In 1957, the FBI arrests Rudolf Abel (Rylance) under suspicion of spying for the Soviets. To give the appearance of a fair trial, James Donovan (Hanks), a former Nuremburg prosecutor, is assigned to his defense. Abel is found guilty, but Donovan convinces the judge to keep his client alive as a future bargaining chip. When a U-2 fighter pilot goes down over Russia, and a young American student is imprisoned in East Berlin, Donovan has the leverage he needs to negotiate the return of the U.S. citizens — or does he?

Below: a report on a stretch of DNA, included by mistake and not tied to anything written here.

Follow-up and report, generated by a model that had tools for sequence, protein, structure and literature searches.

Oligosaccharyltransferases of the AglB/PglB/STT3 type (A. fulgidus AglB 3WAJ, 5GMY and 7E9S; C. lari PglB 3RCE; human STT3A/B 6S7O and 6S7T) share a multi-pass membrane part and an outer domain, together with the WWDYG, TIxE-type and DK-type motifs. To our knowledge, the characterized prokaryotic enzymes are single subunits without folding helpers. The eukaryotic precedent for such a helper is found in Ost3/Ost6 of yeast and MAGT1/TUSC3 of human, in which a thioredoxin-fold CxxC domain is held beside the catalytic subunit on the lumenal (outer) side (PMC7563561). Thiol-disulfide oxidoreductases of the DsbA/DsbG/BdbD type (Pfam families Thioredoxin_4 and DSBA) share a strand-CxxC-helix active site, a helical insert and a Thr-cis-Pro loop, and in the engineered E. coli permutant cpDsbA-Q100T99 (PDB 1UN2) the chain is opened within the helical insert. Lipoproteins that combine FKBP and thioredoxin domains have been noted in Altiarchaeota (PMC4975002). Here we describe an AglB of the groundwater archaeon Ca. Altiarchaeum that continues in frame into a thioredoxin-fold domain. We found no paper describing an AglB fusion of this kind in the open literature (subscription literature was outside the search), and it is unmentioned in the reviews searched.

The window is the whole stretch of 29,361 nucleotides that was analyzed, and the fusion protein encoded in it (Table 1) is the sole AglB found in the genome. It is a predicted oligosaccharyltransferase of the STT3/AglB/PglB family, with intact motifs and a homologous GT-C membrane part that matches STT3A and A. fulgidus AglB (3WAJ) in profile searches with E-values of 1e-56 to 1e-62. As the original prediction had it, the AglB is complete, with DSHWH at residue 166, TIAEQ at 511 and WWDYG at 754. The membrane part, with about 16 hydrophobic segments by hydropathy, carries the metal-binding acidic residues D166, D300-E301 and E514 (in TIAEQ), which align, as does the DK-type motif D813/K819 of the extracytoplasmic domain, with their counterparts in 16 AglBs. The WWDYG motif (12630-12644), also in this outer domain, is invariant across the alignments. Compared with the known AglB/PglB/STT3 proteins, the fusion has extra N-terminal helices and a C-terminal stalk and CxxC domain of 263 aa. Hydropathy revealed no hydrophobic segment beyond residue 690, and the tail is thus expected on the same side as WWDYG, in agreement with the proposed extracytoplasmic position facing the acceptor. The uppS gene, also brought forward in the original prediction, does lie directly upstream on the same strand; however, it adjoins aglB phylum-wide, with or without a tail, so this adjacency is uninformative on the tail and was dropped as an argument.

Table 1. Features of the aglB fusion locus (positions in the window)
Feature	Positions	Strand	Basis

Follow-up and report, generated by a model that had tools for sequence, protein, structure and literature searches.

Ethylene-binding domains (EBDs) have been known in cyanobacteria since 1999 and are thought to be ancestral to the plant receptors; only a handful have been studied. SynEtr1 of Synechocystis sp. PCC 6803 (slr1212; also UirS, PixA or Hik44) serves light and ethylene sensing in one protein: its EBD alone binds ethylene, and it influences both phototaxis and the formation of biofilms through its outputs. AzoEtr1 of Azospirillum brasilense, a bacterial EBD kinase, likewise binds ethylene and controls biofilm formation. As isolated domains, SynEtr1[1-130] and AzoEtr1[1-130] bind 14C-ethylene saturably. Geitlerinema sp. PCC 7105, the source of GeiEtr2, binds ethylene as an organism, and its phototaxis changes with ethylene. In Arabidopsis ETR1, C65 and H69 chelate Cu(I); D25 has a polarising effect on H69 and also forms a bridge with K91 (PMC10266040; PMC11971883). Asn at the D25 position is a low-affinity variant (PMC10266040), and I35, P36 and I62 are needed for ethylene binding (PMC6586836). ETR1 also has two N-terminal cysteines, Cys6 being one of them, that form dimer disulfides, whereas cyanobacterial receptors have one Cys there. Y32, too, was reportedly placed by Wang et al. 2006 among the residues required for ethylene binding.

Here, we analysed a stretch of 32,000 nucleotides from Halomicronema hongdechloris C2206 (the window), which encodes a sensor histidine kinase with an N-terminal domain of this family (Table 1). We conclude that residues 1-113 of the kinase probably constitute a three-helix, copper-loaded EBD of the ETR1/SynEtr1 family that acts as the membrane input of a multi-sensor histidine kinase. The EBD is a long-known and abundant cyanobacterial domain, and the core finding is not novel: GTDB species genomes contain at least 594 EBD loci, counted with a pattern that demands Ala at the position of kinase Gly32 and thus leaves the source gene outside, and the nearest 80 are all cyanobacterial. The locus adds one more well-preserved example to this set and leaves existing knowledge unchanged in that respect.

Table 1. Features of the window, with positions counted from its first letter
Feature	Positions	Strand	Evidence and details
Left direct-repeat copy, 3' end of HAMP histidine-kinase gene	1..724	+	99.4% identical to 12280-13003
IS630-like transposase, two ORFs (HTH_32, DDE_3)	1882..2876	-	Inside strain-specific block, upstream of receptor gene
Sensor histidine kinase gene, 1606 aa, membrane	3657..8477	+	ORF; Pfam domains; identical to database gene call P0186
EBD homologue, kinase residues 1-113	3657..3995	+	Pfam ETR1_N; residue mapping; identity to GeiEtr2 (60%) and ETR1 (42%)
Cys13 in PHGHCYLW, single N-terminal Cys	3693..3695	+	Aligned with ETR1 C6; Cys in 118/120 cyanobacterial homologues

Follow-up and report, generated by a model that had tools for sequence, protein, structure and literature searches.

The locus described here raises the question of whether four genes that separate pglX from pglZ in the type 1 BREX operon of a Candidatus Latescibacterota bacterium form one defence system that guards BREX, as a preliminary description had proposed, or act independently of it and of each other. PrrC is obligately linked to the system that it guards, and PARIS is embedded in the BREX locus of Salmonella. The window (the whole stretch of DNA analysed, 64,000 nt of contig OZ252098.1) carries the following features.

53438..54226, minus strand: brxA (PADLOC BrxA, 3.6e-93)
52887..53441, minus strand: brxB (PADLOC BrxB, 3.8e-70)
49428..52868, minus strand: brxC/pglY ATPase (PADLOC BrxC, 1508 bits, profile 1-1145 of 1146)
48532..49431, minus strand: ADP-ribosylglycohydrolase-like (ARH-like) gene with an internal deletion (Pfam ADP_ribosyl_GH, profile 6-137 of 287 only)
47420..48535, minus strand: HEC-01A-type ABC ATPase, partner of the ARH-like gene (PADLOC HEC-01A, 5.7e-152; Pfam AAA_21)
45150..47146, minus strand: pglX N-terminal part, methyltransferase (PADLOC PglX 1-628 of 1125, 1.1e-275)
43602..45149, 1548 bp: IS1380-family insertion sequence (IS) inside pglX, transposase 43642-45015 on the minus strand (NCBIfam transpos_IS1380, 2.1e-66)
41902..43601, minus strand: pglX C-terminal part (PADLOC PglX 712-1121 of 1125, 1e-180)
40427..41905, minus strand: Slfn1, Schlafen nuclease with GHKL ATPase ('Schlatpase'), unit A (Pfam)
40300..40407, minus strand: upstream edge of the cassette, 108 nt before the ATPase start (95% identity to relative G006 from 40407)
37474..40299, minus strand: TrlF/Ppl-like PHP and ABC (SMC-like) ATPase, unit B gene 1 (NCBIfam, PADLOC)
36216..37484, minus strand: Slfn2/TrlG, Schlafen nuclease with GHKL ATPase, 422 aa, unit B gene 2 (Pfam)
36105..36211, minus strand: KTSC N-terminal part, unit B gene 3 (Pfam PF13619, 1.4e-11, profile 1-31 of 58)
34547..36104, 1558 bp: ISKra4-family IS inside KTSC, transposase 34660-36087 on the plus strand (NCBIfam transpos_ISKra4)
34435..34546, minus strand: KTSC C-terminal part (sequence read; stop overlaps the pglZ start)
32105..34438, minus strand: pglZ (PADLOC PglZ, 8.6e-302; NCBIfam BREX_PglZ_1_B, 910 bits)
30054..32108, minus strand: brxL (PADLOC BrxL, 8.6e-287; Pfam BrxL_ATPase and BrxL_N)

Spielberg’s sweeping, fact-based saga of a decent man doing the right thing under highly challenging circumstances is classic cinema for contemporary times. Hanks, building on the cinematic tradition of Spielberg heroes Oskar Schindler and Abraham Lincoln, imbues Donovan with humanity and clear-eyed determination. Rylance deservedly won a supporting actor Oscar for his grounded, restrained portrayal of Abel. Elegantly mounted, smart, and tense, this period thriller is yet another Spielberg winner.